8. GPS and cameras OK—but no candids
Lots of work happens outside of offices. For legitimate business reasons during work hours, employers may use technology to follow workers with GPS tracking in phones and cars. Some states require consent.
If you install video cameras for security or other business purposes, don't hide the cameras and do notify employees that the premises are under surveillance. Even if your company is starring in a reality show, always keep cameras out of places like locker rooms and bathrooms.
9. Just say no drug privacy
Some workers imagine they would have better people skills if they worked with better people. Drugs don't help. Naturally, employers want a workplace free of substances that are illegal, don't mix with productivity, or both.
10. After-hours is off limits
In America we have all kinds of employers and a workforce to match. Off-duty, employees let their hair down in a variety of ways. If your staffers sign anti-balloon release petitions, it's probably not your concern. Other employees might smoke cigarettes or enjoy other risky activities like riding motorcycles, shark fishing or dining on high cholesterol foods. Many states have enacted lifestyle discrimination laws to prohibit employers from controlling legal off-duty conduct of employees.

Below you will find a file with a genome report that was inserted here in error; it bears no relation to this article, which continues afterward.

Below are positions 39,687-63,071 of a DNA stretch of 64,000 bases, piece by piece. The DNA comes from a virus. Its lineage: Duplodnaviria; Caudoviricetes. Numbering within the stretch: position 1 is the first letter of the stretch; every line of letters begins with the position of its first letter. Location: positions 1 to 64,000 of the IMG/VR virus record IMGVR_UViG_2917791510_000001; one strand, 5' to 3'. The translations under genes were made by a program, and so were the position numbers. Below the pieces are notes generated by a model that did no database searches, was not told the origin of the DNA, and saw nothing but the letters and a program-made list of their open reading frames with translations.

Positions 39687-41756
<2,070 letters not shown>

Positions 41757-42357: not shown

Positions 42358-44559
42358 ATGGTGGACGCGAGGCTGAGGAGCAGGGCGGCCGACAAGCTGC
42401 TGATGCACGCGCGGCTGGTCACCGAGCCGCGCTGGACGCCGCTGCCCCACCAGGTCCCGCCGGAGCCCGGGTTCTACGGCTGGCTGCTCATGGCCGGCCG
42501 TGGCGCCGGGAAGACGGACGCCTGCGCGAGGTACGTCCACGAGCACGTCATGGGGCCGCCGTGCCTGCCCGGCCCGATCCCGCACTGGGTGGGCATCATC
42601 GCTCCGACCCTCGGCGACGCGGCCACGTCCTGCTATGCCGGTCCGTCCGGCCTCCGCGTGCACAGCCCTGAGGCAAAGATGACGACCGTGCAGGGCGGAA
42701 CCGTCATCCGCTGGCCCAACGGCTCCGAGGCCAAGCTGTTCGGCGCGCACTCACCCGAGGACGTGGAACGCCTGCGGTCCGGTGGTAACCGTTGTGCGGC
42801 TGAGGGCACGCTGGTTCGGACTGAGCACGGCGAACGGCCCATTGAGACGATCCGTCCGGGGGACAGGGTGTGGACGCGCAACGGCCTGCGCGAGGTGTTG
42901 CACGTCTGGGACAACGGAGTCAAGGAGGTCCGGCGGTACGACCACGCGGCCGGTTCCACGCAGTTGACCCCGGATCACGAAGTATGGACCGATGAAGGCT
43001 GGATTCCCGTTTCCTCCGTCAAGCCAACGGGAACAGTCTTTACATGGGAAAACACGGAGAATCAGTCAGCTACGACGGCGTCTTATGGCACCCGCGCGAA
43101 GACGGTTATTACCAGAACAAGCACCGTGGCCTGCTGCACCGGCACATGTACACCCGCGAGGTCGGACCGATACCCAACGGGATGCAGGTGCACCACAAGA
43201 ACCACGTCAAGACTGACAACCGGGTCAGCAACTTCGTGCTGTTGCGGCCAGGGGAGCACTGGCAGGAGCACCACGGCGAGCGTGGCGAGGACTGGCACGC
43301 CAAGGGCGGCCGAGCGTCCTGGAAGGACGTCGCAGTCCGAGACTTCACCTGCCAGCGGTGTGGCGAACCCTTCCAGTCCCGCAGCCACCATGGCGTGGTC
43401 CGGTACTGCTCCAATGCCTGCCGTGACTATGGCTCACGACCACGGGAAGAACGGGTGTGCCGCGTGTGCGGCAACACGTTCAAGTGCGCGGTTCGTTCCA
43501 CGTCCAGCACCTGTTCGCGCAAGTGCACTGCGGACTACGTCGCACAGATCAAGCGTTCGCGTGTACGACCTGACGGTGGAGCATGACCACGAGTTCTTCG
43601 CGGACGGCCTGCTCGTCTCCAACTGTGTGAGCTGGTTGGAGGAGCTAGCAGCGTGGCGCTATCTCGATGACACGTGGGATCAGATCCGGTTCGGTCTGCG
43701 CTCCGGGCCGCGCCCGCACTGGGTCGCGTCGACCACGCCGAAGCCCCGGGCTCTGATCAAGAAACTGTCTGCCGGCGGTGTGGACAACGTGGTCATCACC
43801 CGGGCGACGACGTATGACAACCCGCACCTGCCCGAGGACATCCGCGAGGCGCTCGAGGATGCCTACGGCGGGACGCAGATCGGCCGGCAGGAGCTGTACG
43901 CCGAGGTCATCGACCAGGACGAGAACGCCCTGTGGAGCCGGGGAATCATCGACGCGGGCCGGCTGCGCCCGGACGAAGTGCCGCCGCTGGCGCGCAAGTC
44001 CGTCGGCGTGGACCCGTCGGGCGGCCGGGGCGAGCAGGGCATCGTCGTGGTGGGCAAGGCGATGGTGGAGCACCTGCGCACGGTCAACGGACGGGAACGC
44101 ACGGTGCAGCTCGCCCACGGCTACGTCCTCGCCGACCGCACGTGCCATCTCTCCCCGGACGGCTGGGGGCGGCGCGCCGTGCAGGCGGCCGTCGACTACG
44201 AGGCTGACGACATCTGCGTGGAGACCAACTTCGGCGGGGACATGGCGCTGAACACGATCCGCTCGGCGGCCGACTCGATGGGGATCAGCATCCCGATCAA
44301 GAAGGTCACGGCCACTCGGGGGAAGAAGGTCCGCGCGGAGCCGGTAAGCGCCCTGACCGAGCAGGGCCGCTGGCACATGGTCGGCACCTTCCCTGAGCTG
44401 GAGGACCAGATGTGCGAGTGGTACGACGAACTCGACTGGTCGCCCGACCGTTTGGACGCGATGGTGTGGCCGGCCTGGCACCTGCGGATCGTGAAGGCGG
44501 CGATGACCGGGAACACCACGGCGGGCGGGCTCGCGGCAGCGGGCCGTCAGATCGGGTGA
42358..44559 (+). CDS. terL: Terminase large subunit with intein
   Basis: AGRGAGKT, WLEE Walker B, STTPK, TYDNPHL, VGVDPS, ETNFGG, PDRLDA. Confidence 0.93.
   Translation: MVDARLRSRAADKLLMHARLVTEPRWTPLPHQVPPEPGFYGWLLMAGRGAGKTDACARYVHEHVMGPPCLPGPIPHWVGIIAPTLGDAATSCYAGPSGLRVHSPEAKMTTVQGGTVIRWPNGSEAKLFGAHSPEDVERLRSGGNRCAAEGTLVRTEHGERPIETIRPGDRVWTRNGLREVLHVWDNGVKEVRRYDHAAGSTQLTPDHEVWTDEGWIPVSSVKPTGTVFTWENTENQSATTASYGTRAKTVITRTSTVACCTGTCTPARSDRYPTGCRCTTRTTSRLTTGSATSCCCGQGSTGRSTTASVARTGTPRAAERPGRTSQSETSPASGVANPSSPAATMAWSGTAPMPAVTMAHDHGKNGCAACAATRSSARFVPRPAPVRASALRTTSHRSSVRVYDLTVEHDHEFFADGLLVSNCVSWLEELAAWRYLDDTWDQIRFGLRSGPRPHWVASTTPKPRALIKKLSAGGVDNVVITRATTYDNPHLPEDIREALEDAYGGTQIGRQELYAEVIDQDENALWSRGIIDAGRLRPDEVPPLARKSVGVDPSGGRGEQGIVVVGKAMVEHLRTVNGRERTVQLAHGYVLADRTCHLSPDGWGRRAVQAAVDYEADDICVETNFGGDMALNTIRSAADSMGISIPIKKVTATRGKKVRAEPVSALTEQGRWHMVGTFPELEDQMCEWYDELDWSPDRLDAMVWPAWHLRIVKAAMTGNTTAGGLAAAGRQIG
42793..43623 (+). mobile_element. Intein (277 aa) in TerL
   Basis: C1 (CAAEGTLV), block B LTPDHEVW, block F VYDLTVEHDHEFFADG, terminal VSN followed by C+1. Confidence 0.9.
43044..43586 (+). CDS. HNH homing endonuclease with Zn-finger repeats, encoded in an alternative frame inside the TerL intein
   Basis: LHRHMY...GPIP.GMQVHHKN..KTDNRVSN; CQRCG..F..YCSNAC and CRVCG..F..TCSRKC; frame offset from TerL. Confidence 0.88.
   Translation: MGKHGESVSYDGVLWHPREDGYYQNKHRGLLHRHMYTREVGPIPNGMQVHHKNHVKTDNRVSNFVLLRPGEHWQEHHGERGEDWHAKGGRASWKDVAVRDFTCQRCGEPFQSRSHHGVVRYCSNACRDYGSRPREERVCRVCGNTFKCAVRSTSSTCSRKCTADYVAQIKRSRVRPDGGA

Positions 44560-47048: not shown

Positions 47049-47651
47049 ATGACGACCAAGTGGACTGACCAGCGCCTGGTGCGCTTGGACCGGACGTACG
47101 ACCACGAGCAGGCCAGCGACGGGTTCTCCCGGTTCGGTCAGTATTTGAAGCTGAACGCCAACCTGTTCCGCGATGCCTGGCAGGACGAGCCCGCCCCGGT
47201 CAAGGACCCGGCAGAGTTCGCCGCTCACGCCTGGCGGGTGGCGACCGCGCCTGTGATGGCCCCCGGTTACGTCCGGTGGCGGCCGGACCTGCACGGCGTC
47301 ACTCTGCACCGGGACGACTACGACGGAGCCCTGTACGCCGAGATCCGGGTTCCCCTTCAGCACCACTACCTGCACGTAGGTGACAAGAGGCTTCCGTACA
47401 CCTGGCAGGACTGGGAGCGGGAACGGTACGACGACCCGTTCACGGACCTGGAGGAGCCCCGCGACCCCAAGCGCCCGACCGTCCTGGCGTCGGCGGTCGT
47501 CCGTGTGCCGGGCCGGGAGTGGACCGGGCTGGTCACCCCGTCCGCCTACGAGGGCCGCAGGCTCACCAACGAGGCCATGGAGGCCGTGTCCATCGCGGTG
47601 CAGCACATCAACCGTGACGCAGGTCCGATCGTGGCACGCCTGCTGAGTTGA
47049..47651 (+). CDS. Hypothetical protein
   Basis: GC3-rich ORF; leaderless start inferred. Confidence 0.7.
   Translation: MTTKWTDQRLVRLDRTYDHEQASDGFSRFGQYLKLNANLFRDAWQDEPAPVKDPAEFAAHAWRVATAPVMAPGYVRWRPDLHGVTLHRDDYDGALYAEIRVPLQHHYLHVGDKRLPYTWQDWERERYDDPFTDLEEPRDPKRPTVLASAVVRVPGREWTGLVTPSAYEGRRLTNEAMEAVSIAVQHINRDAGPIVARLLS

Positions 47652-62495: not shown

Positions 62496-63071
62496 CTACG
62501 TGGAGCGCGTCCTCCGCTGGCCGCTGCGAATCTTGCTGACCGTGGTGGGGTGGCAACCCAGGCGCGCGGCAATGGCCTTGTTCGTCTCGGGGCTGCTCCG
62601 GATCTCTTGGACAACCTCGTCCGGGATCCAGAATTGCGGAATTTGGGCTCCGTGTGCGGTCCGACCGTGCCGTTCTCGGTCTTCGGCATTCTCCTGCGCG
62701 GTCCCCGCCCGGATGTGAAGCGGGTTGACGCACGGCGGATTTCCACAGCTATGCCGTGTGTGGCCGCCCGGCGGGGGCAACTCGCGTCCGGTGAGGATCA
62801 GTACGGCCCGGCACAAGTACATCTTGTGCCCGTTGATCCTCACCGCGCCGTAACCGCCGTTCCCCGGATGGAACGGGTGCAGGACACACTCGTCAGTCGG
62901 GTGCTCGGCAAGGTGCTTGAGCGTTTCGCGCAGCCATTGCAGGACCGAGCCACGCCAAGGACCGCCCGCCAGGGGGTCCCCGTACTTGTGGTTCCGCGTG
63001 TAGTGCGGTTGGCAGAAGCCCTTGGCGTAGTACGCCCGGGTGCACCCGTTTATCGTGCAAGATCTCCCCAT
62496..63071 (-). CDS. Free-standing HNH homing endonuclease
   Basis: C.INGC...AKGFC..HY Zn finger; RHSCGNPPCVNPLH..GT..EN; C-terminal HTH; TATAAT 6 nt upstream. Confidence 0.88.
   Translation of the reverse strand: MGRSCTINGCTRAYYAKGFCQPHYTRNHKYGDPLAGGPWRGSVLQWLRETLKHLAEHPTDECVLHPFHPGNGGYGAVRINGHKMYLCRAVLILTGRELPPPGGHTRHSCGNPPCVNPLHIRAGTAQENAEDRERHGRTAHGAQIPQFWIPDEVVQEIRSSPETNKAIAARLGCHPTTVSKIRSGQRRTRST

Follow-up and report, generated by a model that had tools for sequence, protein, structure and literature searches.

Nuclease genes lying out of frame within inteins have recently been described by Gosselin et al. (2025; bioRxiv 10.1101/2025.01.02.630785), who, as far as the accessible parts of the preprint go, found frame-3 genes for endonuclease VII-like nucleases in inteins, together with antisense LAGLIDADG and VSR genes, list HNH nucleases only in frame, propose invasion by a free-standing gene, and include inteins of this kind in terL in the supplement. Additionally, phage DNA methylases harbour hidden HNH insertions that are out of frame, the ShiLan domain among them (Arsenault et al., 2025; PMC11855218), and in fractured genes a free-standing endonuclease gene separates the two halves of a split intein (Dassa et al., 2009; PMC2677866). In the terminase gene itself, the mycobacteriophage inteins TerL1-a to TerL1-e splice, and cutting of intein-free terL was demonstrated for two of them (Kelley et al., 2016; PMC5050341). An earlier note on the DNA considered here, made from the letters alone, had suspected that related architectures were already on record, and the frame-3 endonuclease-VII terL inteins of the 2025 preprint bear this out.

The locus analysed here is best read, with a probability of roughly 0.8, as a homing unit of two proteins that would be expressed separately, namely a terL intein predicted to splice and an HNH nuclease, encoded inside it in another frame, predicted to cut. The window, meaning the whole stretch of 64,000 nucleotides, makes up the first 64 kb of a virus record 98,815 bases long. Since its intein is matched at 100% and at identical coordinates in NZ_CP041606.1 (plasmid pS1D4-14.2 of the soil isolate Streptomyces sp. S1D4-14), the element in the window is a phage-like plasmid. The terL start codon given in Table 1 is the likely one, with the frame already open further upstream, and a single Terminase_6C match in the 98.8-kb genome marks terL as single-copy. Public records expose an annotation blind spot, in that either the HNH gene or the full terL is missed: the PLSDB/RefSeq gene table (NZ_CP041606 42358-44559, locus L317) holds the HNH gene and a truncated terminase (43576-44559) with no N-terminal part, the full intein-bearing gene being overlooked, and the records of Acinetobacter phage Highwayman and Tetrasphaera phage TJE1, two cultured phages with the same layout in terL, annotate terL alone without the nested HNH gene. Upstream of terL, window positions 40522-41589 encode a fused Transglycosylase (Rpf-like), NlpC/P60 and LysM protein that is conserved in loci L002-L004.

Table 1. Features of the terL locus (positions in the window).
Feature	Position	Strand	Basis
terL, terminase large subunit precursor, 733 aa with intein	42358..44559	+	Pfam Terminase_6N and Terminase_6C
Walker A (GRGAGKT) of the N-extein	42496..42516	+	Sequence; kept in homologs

Create an employee handbook that includes your company's privacy rules and policies.
Specify guidelines for personal employee e-mail, phone calls and voice mail, as well as use of the Internet and social media.
Disclose company monitoring, drug testing, surveillance on or off business premises, and other privacy related practices and information. Get your employees' written consent to help avoid misunderstanding, misbehavior and worse.
If you play by the rules, you can make employee privacy law work for your growing business—without making your employees paranoid. As the discreet folks here at Rocket Lawyer know, secretly, your employees just want to keep the boss happy.
This article contains general legal information and does not contain legal advice. Rocket Lawyer is not a law firm or a substitute for an attorney or law firm. The law is complex and changes often. For legal advice, please ask a lawyer.